For purposes of shareholder identification, Street Name shares are divided into two categories. The difference has to do with a decision investors make about sharing their identity with the Company’s in which they invest. In opening a brokerage or investment account, investors specify whether they “object” to sharing their name and contact information with the issuers in which they invest.
Shareholders who wish to keep their investment holdings anonymous – as far as the issuer is concerned – “object” to sharing their identity and contact information with the issuer. These shareholders are known as Objecting Beneficial Holders or “OBO’s” and conversely, those who do not object to making their identity known are known as Non-Objecting Beneficial Owners or “NOBOs.”
A great overview of shareholder communications issues (which we have used as a source for this article) is found in a (48 page) white paper submitted as a comment to the SEC by the Council of Institutional Investors:
The OBO/NOBO Distinction in Beneficial Ownership:
Implications for Shareowner Communications and Voting
Alan L. Beller and Janet L. Fisher, Partners,
with the assistance of Rebecca M. Tabb
Cleary Gottlieb Steen & Hamilton LLP – February 2010
This white paper asserts that “An estimated 70-80% of publicly-traded shares are held in street or nominee name…” Further, “over 75% of customers holding shares in street name are OBOs, and 52-60% of the shares of publicly-held companies in the United States are therefore held by OBOs.” Of course, these figures can vary with each company – but they demonstrate the challenge companies face in identifying their investors!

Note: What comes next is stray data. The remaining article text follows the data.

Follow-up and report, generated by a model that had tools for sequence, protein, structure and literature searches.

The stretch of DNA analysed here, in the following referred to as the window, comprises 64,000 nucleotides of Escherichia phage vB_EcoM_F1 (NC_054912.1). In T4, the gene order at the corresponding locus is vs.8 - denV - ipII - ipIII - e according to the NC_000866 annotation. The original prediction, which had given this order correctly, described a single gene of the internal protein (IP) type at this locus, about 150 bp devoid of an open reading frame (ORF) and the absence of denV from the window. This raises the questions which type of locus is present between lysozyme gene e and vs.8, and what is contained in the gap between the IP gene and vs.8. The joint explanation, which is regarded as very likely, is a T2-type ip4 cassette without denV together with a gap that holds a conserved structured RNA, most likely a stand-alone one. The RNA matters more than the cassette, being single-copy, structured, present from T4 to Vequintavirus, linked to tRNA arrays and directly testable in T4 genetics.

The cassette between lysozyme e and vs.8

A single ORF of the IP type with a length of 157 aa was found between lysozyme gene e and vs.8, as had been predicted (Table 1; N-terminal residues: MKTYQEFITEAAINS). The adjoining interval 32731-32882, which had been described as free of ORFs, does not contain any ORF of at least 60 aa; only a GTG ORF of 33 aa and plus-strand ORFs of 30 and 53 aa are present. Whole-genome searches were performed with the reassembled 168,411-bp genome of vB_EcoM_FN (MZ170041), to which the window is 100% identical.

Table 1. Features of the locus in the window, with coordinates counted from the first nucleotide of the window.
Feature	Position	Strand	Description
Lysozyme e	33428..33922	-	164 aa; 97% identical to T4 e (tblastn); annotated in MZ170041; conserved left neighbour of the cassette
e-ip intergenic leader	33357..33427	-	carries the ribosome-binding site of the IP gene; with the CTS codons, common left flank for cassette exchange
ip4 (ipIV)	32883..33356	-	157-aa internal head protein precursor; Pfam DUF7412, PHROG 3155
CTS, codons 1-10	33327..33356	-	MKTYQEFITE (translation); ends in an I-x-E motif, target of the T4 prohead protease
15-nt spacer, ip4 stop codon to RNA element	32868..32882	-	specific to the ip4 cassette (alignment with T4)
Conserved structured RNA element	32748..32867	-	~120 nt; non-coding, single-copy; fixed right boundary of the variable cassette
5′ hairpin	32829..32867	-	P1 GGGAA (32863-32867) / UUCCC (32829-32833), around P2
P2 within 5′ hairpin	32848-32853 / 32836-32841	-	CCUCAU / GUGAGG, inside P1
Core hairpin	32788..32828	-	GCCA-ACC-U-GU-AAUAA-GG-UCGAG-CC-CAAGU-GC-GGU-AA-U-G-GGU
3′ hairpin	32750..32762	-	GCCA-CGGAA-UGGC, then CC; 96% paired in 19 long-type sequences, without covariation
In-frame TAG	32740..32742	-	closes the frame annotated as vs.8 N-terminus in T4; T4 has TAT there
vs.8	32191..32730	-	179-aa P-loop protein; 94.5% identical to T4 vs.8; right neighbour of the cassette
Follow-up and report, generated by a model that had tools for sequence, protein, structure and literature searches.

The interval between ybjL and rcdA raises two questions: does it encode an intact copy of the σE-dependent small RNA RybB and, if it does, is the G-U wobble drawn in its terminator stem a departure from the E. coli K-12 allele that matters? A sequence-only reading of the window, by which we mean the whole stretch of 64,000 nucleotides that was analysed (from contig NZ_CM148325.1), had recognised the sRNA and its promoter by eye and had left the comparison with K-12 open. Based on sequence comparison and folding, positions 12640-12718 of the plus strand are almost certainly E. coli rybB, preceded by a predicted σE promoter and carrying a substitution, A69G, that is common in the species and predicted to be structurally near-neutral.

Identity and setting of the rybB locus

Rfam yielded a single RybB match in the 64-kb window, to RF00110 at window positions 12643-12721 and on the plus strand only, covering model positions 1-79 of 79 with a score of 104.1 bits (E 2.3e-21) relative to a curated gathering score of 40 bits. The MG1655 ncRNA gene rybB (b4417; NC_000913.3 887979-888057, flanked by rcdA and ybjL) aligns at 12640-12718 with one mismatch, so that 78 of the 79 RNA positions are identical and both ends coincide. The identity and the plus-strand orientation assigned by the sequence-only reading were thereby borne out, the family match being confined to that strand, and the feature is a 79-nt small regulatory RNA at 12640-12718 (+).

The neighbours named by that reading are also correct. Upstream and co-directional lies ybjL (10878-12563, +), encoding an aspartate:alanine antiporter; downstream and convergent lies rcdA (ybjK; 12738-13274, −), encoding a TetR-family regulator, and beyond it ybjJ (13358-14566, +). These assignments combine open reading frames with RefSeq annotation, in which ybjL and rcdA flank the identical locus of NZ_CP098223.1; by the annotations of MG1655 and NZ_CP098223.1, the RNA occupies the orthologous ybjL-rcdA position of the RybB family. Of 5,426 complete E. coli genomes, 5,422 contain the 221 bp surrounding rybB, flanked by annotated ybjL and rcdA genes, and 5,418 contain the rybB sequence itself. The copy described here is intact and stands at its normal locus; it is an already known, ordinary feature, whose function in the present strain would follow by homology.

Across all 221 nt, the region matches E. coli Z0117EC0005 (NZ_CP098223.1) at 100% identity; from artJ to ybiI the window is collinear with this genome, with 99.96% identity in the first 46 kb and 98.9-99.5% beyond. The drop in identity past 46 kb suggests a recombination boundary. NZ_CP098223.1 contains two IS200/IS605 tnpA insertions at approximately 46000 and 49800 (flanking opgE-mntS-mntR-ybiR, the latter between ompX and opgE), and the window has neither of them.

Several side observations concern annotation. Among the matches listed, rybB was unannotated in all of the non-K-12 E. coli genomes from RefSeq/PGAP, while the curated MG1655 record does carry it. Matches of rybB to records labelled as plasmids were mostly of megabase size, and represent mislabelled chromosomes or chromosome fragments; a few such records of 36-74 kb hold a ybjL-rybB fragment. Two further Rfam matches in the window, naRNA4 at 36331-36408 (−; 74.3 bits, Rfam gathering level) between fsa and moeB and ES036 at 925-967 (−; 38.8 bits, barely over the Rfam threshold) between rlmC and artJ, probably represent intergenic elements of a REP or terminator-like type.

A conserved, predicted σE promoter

Request NOBO and Registered Shareholder Lists
Public companies are able to request a list of their registered and NOBO shareholders as of a particular record date. Typically, shareholder list requests are made through an intermediary, Broadridge Financial Solutions, for a modest “per account” fee. The search is conducted across all the participating investment and brokerage firms to provide a listing of the accounts and share amounts held for a particular security on the record day.
However, the NOBO list will not indicate the broker or financial intermediary’s identity. The NOBO list, plus the registered shareholder list (provided by the transfer agent), represents the best window on share ownership; however, as we referenced, it typically addresses less than half of total shares.
How do I reach OBOs?
While OBO’s have requested to keep their identity unknown, it is possible to communicate with them through an intermediary such as Broadridge, just as is done each proxy season. To reach OBOs, issuers can develop a written communication that they provide to Broadridge which will then be forwarded to each OBO via mail or email, depending on their communication preference. In that communication, you can ask the OBOs to respond with their contact information if they would like to be in direct contact with the company. Of course, this does not provide the issuer with any information as to the specific ownership size of any of its OBOs – but is one avenue to engage with this enigmatic base of shareholders.
We hope this brief overview has proved helpful in explaining the complexity of shareholder ownership and the various third parties that assist with this process. Please contact Catalyst IR if you would like to learn more about these issues, to discuss ways to engage with your shareholder base, or to discuss other investor relations issues.
Chris Eddy & the Catalyst IR Team